World Bank Europeans cool to Wolfowitz pick

Wolfowitz 17/3/2005 AP First choice: US Deputy Defence Secretary Paul Wolfowitz has been selected by President George Bush as World Bank President. Wolfowitz's hard-line foreign policy stance has stirred criticism. Photo: AP

By Lesley Wroughton

Washington - The United States nomination of Paul Wolfowitz as World Bank chief drew a cool response from European officials on the bank's board but they had little chance of blocking it, board sources said on Wednesday.

Sources close to the World Bank board said Wolfowitz's name was informally circulated several weeks ago among the 23-member board, which represents the bank's 184 member countries, and the reaction was made clear to US Treasury Secretary John Snow.

"Mr. Snow knows that the reaction from the board was unfavourable," one source said. "Mr. Wolfowitz's nomination today tells us the US couldn't care less what the rest of the world thinks."

Wolfowitz, the No. 2 man at the Pentagon, is a controversial pick because of his role in designing and promoting the 2003 Iraq invasion, which was bitterly opposed in Europe and elsewhere in the world.

Some World Bank staff reacted with cynicism. Many in the bank had rooted for former US secretary of state Colin Powell.

Wolfowitz has had three stints at the defence department, but also served as assistant secretary of state for East Asia and as ambassador to Indonesia and headed the School of Advanced International Studies of Johns Hopkins University.

The sources said acting US Executive Director Bob Holland told board members at a meeting on Wednesday Wolfowitz was prepared to face them in a formal interview as they decide on his nomination.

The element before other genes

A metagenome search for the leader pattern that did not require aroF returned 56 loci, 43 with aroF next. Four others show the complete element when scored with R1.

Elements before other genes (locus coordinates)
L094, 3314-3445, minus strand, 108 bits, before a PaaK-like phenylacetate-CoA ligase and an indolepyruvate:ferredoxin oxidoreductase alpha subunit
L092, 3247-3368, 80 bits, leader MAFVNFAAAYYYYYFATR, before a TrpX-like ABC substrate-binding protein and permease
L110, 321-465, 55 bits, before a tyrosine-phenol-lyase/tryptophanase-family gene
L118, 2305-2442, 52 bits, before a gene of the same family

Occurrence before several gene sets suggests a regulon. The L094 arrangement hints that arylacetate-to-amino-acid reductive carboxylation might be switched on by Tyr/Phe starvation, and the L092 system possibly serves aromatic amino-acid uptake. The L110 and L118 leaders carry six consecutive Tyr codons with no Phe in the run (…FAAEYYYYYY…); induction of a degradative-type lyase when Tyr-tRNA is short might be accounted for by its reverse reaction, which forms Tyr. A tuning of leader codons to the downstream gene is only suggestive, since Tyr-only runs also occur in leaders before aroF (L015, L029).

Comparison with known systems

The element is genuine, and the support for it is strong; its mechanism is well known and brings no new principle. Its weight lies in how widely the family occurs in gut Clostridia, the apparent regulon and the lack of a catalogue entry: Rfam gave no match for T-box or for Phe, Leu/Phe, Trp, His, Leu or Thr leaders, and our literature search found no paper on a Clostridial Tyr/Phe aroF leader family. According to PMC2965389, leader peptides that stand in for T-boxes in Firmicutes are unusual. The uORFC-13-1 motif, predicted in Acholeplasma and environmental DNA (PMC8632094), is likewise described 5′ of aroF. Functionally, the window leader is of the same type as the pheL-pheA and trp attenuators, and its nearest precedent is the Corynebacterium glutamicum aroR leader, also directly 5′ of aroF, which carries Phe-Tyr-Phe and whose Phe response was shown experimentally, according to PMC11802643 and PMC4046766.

"The enthusiasm in old Europe is not exactly overwhelming," German Development Minister Heidemarie Wieczorek-Zeul said.

Wolfowitz's current boss, Defence Secretary Donald Rumsfeld, once dismissed states like France and Germany that resisted the Iraq war as "old Europe," as opposed to the "new Europe" of former communist states that were more sympathetic.

Despite some European objections, Wolfowitz's approval is likely a foregone conclusion as the United States has the most muscle on the board. The United States is the bank's largest shareholder, followed by Japan, Germany, Britain and France.

By tradition, Washington selects the World Bank president, while Europeans choose the head of its sister organisation, the International Monetary Fund.

But five years ago Washington blocked the Europeans' choice of Caio Koch-Weser, Germany's deputy finance minister, as IMF candidate. The job eventually went to Horst Koehler, who is now Germany's president.

With Wolfowitz at the helm, many countries and bank staff fear the United States will more forcefully impose the US development agenda on the bank and its members.

In his first comments on his nomination, Wolfowitz said he had a strong interest in development and believed deeply in the institution's "noble mission," which he had first-hand experience with in Indonesia.

He said he also understood he would have to work with governments that opposed his role in the Iraq war.

"I understand that in this job I'll be an international civil servant reporting to a multinational board, responsible for hearing all their views," he told reporters.

French Foreign Minister Michel Barnier said his country would have to examine the proposal more closely.

US President George Bush told reporters he telephoned Italian Prime Minister Silvio Berlusconi and other world leaders to explain why Wolfowitz would be a "strong" leader for the bank.

Britain, which backed the US-led war in Iraq and has unveiled an ambitious aid and development agenda this year, offered a relatively hollow endorsement.

"It is for the bank's board to decide on the appointment of the presidency of the bank," an official from the British government's department for international development said. "The bank board also confirmed they will follow their long tradition of consultation with countries they represent."

The official said it was important the United States consult developing countries, the bank's biggest borrowers.

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